I want to say thank you on behalf of all of us here at Neighborhood House for your help with Giving Tree. You & everyone at Montessori PSA did so much to help make the holiday season bright for the children & families we serve. Attached is a thank you video & a few photos that you are welcome to share with your colleagues, friends, or family members who may have helped with Giving Tree gifts for kids in our programs. We look forward to partnering with you in the new year & so appreciate all you do to help make Neighborhood House & our community great!
We hope you & everyone at Montessori PSA have a very happy New Year!
All the best,...
In the last nine years, 90 COEEF students have completed high school. Of these students. 83 (92.2%) joined different universities throughout Ethiopia.
Of the students who joined universities, seven of them have successfully completed their university education and started a career....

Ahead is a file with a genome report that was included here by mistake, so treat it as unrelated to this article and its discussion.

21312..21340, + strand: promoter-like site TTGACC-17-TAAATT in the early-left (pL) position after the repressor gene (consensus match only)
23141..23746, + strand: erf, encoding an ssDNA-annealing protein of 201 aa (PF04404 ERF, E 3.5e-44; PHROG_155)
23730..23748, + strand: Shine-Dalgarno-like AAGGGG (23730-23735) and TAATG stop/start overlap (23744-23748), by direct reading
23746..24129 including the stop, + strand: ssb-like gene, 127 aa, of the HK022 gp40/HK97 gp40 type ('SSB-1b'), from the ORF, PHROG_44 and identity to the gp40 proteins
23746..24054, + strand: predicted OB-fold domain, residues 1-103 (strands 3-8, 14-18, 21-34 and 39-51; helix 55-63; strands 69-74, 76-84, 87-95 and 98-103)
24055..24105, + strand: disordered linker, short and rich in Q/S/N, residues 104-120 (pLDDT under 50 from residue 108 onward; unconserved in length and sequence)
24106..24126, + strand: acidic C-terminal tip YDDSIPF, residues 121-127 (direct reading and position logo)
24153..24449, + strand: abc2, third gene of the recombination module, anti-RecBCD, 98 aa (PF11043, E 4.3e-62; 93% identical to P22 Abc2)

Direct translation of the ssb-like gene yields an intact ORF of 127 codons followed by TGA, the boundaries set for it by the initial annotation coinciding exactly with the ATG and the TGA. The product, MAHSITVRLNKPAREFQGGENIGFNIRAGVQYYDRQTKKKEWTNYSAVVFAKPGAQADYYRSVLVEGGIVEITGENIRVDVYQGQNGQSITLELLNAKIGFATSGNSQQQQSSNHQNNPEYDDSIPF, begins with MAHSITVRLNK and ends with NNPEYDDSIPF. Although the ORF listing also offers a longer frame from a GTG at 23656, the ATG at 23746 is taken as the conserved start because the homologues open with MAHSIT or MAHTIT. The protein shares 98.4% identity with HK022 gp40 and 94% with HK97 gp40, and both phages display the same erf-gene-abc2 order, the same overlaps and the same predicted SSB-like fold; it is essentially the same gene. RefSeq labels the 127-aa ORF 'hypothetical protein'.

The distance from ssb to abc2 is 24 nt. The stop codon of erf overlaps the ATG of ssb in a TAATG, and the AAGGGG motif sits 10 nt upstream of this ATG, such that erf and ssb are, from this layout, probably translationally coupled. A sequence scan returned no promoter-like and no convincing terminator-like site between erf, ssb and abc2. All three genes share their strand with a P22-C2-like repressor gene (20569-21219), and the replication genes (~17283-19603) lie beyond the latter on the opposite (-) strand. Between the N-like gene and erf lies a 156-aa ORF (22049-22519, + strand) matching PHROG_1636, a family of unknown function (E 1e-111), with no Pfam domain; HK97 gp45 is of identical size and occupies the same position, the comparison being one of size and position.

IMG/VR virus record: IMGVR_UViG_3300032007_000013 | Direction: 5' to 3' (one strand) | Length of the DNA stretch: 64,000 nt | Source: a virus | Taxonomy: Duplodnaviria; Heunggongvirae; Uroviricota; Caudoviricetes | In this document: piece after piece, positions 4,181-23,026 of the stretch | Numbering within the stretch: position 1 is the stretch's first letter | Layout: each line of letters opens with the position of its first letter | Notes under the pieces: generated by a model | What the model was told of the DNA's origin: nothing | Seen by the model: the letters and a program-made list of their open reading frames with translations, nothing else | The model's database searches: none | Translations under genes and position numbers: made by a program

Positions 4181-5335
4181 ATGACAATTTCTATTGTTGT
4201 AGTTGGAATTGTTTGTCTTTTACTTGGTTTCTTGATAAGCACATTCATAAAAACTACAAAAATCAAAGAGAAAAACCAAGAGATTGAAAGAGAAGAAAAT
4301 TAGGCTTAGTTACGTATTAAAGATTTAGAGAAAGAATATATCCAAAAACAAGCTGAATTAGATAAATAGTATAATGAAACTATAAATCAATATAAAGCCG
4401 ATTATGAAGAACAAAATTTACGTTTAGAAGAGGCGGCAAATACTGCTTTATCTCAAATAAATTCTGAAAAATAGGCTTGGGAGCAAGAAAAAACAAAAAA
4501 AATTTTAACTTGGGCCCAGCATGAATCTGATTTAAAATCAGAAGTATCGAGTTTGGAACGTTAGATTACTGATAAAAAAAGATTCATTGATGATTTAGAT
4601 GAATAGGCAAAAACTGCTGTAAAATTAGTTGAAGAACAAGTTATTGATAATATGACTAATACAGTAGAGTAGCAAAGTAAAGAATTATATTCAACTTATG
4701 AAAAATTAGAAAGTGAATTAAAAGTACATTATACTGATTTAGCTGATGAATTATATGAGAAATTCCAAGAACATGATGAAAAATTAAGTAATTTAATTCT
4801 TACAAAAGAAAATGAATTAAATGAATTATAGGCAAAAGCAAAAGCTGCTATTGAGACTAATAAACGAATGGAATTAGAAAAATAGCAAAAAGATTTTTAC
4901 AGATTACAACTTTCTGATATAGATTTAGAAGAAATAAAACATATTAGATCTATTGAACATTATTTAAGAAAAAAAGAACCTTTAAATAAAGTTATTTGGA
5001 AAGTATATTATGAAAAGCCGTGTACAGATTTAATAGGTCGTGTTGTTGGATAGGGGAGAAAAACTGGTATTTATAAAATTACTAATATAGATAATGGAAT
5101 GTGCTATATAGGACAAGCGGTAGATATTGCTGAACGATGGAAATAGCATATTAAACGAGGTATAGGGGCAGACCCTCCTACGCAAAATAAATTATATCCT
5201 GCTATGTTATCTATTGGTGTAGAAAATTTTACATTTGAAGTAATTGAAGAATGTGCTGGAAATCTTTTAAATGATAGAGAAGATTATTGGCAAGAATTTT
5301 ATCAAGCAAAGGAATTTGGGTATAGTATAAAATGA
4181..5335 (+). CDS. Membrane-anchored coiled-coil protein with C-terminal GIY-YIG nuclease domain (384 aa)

Students and teachers at MCS had a wild time at camp this past month! Our summer camps allow children to explore other countries and cultures, so we decided to use this year’s winter camp as an opportunity to learn more about our local environment here on the Wasatch Front. Accompanied by real-life materials from mammals big and small, we learned about some of the animals which also call Utah home.
We started our journey with American black bears, letting our friends handle a black bear’s pelt, skull, and rubber footprints. The Utah Division of Wildlife Resources lent us front and hind prints of a black bear and, for size comparison, they also lent us a print made from the Alaskan Kodiak bear, Bart (who used to live in Heber, Utah with his trainers). The children were very excited to see the size difference between black bear prints and a Kodiak bear print. After learning more about bears and hibernation, friends made their very own bear den craft with a sleeping bear inside.